Finding the two boys reading the walls was a great reminder that, for every student, there is a way to voluntary reading. Sometimes the wall is the perfect medium for repackaging something from class—especially student voices—to reach more students. Sometimes the timing is just right for reading and the wall is a way to catch a child on a whim and create flexible opportunities for reading. Finally, this reminded me that, though it takes time to update classroom bulletin boards, it is so worthwhile.    

 

Paul Stoddard, a 6th grade ELA teacher in Las Vegas, Nevada, contacted me with the wonderful story of his first year implementing a whole novels studies in his classroom. With only three years of teaching experience, he's accomplished an impressive amount with his students, and he's taken the time to reflect on it and share it all with us here! His message to other teachers? "Just try it!" Stay tuned for the next part of Paul's story, in which he describes some of the struggles he encountered in subsequent novel studies and how he responded. ~Ariel

Paul Stoddard, 6th grade ELA teacher, Las Vegas, Nevada

I think that the whole novels approach is one of the greatest ideas to come into my teaching life, and I hope to spread the news. I think that with all the structures in place in this method, and an individual teacher's own ingenuity, it is possible to have deeper experiences with whole class novels than I ever thought possible. The truth is that the books and the students themselves discover what is important, because the authors and their magnificent use of language make it impossible not to happen.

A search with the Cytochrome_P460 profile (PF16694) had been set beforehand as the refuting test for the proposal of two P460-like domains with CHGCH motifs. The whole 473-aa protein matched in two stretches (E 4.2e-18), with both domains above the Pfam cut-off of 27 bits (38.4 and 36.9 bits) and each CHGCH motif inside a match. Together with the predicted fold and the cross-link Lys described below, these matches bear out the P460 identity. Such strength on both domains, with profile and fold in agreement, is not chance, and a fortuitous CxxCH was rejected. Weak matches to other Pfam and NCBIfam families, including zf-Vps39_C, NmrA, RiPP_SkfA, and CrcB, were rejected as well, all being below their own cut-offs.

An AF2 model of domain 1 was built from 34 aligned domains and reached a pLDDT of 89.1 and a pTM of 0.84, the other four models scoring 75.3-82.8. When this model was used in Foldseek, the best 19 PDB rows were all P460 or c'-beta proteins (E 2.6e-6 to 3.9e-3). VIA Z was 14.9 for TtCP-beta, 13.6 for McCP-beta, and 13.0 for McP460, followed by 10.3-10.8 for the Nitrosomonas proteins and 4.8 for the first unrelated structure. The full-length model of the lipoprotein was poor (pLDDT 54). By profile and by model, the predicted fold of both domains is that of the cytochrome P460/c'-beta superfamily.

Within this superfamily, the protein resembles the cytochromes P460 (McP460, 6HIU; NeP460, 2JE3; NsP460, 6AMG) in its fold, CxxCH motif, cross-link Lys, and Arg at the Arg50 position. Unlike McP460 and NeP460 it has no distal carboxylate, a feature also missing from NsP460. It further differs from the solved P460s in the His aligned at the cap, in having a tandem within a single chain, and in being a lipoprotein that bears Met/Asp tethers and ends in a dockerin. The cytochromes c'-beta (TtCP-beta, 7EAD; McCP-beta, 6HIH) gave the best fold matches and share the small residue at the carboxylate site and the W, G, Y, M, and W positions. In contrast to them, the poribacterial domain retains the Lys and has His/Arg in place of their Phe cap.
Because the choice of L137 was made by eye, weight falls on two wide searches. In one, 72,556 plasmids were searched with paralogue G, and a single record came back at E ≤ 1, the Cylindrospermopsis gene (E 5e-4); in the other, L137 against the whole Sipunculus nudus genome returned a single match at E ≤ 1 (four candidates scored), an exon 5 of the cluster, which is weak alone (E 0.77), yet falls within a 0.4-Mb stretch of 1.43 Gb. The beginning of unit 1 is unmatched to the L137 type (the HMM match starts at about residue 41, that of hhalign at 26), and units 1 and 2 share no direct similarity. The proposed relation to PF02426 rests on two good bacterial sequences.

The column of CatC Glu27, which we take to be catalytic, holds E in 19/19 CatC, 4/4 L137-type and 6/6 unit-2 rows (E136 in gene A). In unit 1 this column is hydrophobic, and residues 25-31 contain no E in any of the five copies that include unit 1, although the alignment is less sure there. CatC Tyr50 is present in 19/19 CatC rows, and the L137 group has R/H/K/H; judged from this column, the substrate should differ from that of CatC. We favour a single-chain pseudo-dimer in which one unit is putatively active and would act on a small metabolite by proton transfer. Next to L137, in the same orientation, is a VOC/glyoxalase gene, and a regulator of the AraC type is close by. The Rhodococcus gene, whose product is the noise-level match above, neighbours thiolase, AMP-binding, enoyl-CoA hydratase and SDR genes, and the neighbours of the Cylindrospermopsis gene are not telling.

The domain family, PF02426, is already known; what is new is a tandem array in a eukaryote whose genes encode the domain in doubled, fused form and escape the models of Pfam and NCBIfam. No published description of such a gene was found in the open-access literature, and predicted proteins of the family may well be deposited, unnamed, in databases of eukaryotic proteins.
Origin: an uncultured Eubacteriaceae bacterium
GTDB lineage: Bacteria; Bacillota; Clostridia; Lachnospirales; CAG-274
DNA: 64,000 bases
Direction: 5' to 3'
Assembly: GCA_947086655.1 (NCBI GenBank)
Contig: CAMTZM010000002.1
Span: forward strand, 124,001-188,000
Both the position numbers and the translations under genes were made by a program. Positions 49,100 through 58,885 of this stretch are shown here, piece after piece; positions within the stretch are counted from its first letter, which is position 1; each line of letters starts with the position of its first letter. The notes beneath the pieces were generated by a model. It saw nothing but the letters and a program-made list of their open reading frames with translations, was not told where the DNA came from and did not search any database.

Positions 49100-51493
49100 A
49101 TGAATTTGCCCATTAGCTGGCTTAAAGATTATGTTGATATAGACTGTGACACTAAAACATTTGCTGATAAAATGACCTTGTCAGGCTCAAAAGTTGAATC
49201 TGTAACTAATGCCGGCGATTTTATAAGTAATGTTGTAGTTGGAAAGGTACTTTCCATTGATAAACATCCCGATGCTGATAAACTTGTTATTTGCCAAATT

Prologue:

After finding Whole Novels For the Whole Class by Ariel Sacks at the teacher and curriculum library of my university, UNLV, I fell in love with the book. Not only did it contain theory and ideology that made the approach appealing to me, but more importantly, it had the day-to-day, practical and specific details that any practicing teacher desires (and needs). Aftre reading it, I was ready to implement and jump into the whole novels approach right away, and throughout my study, I had a guidebook to turn back to. With Ariel Sacks as my mentor (through her book), and my students as my inspiration, I was ready to start alone and unassisted, and confident my students would enjoy this.

Chapter 1: The beginning- The first page

Last year, my students were 6th graders, and it was my second-year teaching. I worked in an arts-integration based school where the Kennedy Center and arts-integration were considered the philosophical lights to guide the school. However much that ideal may or may not have been met on a daily basis, I wished for my students to read more whole-class novels in a student-centered way, in which they could experience and appreciate the art of the story. I worked in a suburban charter school in Las Vegas, Nevada, a rapidly growing area, which had experienced dramatic economic fluctuations over the last 5-10 years. This was an area in the southwest part of the valley filled with foreclosed homes and brand new homes. It was beginning to recover, and the parents were lining up to get into the arts-integration charter school, and to escape the “failing” school district (CCSD).